• For this reason, line {5} will output local (because we changed the value of the variable inside myOtherFunction).

You may hear that global variables in JavaScript are evil and this is true. Usually, the quality of JavaScript source code is measured by the number of global variables and functions (a large number is bad). So, whenever possible, try avoiding global variables.


We need operators when performing any operation in a programming language. JavaScript also has arithmetic, assignment, comparison, logical, bitwise, and unary operators, among others. Let's take a look at these:

var num = 0; // {1} 
num = num + 2; 
num = num * 3; 
num = num / 2; 
num += 1; // {2} 
num -= 2; 
num *= 3; 
num /= 2; 
num %= 3; 
console.log('num == 1 : ' + (num == 1)); // {3} 
console.log('num === 1 : ' + (num === 1)); 
console.log('num != 1 : ' + (num != 1)); 
console.log('num > 1 : ' + (num > 1)); 
console.log('num < 1 : ' + (num < 1)); 
console.log('num >= 1 : ' + (num >= 1)); 
console.log('num <= 1 : ' + (num <= 1)); 
console.log('true && false : ' + (true && false)); // {4} 
console.log('true || false : ' + (true || false)); 
console.log('!true : ' + (!true)); 

On line {1}, we have the arithmetic operators. In the following table, we have the operators and their descriptions:

Arithmetic operator











Modulus (remainder of a division operation)





On line {2}, we have the assignment operators. In the following table, we have the operators and their descriptions:

Assignment operator





Addition assignment (x += y) == (x = x + y)


Subtraction assignment (x -= y) == (x = x - y)


Multiplication assignment (x *= y) == (x = x * y)


Division assignment (x /= y) == (x = x / y)


Remainder assignment (x %= y) == (x = x % y)

On line {3}, we have the comparison operators. In the following table, we have the operators and their descriptions:

Comparison operator



Equal to


Equal to (value and object type both)


Not equal to


Greater than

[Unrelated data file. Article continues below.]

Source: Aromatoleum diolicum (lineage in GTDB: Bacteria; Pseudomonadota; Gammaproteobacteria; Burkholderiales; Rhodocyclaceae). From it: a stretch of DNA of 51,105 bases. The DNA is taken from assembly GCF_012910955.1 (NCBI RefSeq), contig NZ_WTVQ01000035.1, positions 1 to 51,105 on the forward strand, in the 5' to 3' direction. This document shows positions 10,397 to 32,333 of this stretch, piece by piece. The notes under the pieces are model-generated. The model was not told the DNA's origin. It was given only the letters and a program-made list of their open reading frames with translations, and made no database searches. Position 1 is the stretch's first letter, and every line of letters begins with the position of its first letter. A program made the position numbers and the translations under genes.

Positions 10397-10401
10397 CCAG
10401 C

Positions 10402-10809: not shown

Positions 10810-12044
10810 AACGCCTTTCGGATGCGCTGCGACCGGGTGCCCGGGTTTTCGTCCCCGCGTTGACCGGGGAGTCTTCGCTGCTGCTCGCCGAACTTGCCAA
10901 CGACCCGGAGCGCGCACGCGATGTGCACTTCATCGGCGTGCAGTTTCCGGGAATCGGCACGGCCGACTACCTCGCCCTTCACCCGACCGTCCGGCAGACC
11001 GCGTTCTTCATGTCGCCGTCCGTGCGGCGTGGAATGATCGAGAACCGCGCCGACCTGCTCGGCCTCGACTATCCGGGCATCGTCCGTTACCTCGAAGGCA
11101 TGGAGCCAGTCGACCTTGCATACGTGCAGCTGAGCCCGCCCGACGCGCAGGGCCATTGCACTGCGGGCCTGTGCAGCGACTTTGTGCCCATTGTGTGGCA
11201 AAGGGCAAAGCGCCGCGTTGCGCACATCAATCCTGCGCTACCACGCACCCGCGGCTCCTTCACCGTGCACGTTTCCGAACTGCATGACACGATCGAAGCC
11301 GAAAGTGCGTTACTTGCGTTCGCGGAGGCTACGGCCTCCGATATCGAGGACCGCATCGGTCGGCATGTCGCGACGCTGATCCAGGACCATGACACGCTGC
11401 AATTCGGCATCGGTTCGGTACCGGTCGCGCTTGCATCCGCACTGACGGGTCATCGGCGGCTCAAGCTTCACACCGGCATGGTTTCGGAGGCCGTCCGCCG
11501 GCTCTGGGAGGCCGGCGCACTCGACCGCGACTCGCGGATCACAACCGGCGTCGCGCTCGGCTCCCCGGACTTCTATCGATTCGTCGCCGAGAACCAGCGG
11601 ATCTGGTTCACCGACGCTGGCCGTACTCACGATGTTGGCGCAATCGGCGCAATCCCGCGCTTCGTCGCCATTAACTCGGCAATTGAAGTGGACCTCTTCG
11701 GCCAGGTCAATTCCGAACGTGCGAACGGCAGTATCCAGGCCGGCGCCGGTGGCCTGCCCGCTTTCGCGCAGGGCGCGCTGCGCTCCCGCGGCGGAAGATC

Greater than or equal to


Less than


Less than or equal to

Finally, on line {4}, we have the logical operators. In the following table, we have the operators and their descriptions:

Logical operator








JavaScript also supports bitwise operators, which are shown as follows:

console.log('5 & 1:', (5 & 1)); 
console.log('5 | 1:', (5 | 1)); 
console.log('~ 5:', (~5)); 
console.log('5 ^ 1:', (5 ^ 1)); 
console.log('5 << 1:', (5 << 1)); 
console.log('5 >> 1:', (5 >> 1)); 

The following table contains a more detailed description of the bitwise operators:

Bitwise operator











Left shift


Right shift

The typeof operator returns the type of the variable or expression. For example, have a look at the following code:

console.log('typeof num:', typeof num); 
console.log('typeof Packt:', typeof 'Packt'); 
console.log('typeof true:', typeof true); 
console.log('typeof [1,2,3]:', typeof [1,2,3]); 
console.log('typeof {name:John}:', typeof {name:'John'}); 

The output will be as follows:

typeof num: number 
typeof Packt: string 
typeof true: boolean 
typeof [1,2,3]: object 
typeof {name:John}: object

JavaScript also supports the delete operator, which deletes a property from an object. Take a look at the following code:

var myObj = {name: 'John', age: 21}; 
delete myObj.age; 
console.log(myObj); //outputs Object {name: "John"} 

In this book's algorithms, we will use some of these operators.

Truthy and falsy

In JavaScript, true and false are a little bit tricky. In most languages, the Boolean values true and false represent the true/false results. In JavaScript, a string such as "Packt" has the value true, for example.

The following table can help us better understand how true and false work in JavaScript:

Value type







true is true and false is false


The result is false for +0, -0, or NaN; otherwise, the result is true


The result is false if the string is empty (length is 0); otherwise, the result is true (length > 1)



Let's consider some examples and verify their output:

function testTruthy(val){ 
  return val ? console.log('truthy') : console.log('falsy'); 
testTruthy(true); //true 
testTruthy(false); //false 
testTruthy(new Boolean(false)); //true (object is always true) 
testTruthy(''); //false 
testTruthy('Packt'); //true 
testTruthy(new String('')); //true (object is always true) 
testTruthy(1); //true 
testTruthy(-1); //true 
testTruthy(NaN); //false 
testTruthy(new Number(NaN)); //true (object is always true) 
testTruthy({}); //true (object is always true) 
var obj = {name:'John'}; 
testTruthy(obj); //true 
testTruthy(obj.name); //true 
testTruthy(obj.age); //false (age does not exist)